Lebanon faces new struggle – 1.2 million Syrian refugees
Social tensions rise as slain Lebanese soldier is buried
A sustained burst of machine gun fire rang out on the streets of Baalbek, near Lebanon's border with war-torn Syria.
"Don't worry. It's a funeral… We're used to that so bear with us," said peace activist Assem Chreif. The gunfire into the air came as hundreds gathered to mourn the loss of Mohammad Hamieh, a Lebanese soldier who was kidnapped by the al-Qaida-lined al-Nusra Front last year.
The terror group executed him and handed over his body on December 1, along with 16 Lebanese troops who were returned alive as part of a prisoner swap.
Lebanon - itself no stranger to bitter civil war and sectarian strife - has not escaped unscathed from the chaos happening just over its border to the east. Just last month, two Isil suicide bombers slaughtered more than 40 people on the streets of Beirut the day before the Paris terror attacks, which got considerably more coverage in the west.
Assem concedes his group, Lebanese Organisation for Studies and Training (Lost), faces an uphill battle to encourage peace in a country all too used to war and struggling to cope with 1.2 million refugees.
"Definitely the Lebanese won't be very conducive to conflict resolution with the Syrians [today]," he says, referring to the funeral in town.
"It creates this sense of rage, of anger that this kid - our kid - was killed in Syria … and we are catering for them [Syrian refugees] here."
He said his organisation's job is to show that the refugees are human and that "these people have nothing to do with what's going on in Syria".
Lost - an agency supported by Unicef - was founded with the aim of encouraging sustainable development in Lebanon but its role has changed after a series of crises in the tiny Arab state.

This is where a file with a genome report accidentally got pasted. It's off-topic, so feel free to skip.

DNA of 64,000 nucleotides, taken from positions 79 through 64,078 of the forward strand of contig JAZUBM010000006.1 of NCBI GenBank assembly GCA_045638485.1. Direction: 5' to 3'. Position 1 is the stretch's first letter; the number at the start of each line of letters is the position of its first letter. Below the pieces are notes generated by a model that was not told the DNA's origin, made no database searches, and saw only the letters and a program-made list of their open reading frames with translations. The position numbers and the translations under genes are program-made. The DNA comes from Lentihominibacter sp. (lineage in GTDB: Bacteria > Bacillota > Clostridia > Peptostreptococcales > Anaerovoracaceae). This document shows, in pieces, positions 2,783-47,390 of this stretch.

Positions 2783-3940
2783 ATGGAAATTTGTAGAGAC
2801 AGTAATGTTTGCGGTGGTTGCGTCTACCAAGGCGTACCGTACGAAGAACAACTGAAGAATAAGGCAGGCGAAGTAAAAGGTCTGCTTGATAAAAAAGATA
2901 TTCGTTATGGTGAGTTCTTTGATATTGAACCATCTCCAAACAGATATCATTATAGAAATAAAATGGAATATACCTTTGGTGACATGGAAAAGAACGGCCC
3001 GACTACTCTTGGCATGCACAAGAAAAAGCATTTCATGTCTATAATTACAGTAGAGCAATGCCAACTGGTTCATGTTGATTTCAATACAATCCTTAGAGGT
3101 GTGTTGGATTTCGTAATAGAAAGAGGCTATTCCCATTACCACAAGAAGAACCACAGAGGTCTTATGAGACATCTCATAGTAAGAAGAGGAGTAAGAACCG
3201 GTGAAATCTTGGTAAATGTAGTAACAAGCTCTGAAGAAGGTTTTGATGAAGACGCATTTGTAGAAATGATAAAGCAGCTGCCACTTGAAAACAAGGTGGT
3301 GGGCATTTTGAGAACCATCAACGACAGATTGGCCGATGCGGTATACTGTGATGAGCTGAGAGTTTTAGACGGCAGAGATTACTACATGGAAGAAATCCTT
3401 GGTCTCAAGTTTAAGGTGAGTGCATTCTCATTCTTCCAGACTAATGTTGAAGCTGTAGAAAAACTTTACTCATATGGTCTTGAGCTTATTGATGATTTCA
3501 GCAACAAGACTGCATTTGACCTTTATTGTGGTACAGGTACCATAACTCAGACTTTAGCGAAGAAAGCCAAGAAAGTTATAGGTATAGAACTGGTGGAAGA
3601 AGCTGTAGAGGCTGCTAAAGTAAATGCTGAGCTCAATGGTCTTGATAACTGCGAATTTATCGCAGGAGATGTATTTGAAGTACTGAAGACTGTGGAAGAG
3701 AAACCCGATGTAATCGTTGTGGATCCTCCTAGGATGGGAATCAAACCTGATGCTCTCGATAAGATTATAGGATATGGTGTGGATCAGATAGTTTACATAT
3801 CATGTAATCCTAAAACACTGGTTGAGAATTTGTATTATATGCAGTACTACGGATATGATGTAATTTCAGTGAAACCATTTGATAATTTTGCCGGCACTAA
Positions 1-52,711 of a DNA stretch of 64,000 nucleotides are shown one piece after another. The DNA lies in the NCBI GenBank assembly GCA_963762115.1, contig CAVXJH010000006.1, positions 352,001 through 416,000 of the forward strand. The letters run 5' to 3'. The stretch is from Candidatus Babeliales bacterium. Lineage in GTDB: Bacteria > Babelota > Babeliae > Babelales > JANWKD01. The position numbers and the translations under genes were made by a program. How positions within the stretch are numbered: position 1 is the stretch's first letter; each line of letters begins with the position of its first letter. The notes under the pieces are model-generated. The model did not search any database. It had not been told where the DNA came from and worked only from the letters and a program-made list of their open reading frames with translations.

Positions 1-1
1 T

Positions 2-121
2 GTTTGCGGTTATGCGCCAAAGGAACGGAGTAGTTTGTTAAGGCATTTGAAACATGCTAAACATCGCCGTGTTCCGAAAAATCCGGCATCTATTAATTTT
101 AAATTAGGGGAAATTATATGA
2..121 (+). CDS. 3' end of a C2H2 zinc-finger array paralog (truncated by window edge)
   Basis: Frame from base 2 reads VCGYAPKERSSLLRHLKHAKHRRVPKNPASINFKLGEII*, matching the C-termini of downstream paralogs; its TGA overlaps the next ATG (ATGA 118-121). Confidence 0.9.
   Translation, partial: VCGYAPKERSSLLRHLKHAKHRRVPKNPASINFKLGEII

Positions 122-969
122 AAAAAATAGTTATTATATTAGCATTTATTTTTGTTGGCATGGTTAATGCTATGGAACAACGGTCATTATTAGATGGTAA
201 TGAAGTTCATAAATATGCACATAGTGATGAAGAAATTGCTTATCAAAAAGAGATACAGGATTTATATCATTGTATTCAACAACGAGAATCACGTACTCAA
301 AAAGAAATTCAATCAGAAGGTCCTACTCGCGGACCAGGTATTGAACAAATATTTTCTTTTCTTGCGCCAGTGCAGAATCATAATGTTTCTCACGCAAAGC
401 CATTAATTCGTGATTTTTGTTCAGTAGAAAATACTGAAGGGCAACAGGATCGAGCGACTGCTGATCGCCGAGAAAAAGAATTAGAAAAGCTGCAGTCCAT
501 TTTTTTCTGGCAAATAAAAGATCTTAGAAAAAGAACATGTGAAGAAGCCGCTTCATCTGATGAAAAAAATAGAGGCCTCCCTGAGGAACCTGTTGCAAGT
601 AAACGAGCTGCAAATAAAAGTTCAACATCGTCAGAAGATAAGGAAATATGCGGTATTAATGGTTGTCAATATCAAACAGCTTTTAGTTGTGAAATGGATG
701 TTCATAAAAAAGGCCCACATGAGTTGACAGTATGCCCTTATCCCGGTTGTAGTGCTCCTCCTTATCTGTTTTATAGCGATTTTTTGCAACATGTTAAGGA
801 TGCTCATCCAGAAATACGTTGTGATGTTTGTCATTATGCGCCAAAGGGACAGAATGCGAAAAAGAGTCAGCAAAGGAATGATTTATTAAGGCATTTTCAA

Tensions have been rising since the 2005 assassination of Prime Minister Rafiq Hariri.
In 2006, there was a war between Lebanese political party and paramilitary group Hezbollah and Israel.
The Syrian nightmare began in 2011, sending waves of refugees over the mountains that mark the two countries' borders.
"With the sequence of wars coming to Lebanon we started to get into other sectors like social cohesion, peace building and conflict resolution," said Assem, who has visited Northern Ireland to learn from the peace process there.
The current crisis is perhaps the biggest challenge Lost has faced. The incoming Syrian refugees compete with impoverished locals for work and have put pressure on the state's creaking infrastructure.
The newcomers have also added to the existing tensions in the delicate sectarian balance in Lebanon between Sunni and Shia Muslims, as well as the sizeable Christian community.
"We have this tension between the hosting community and the refugees … we as Lebanese started to perceive any Syrian as a potential terrorist … as blunt as it is and as vulgar as it is.
"And on the other hand the Syrians see us as potential racists.
"We're trying to create social cohesion from a grassroots level… to encourage tolerance, acceptance of the other, stuff like this," Assem said.
Despite the difficulty of integrating such a massive influx of refugees, Assem is optimistic and passionate about his work.
"At their first encounter the Syrians and the Lebanese freak out," Assem explained, but in week three or four "you can sense a change in behaviour", he added.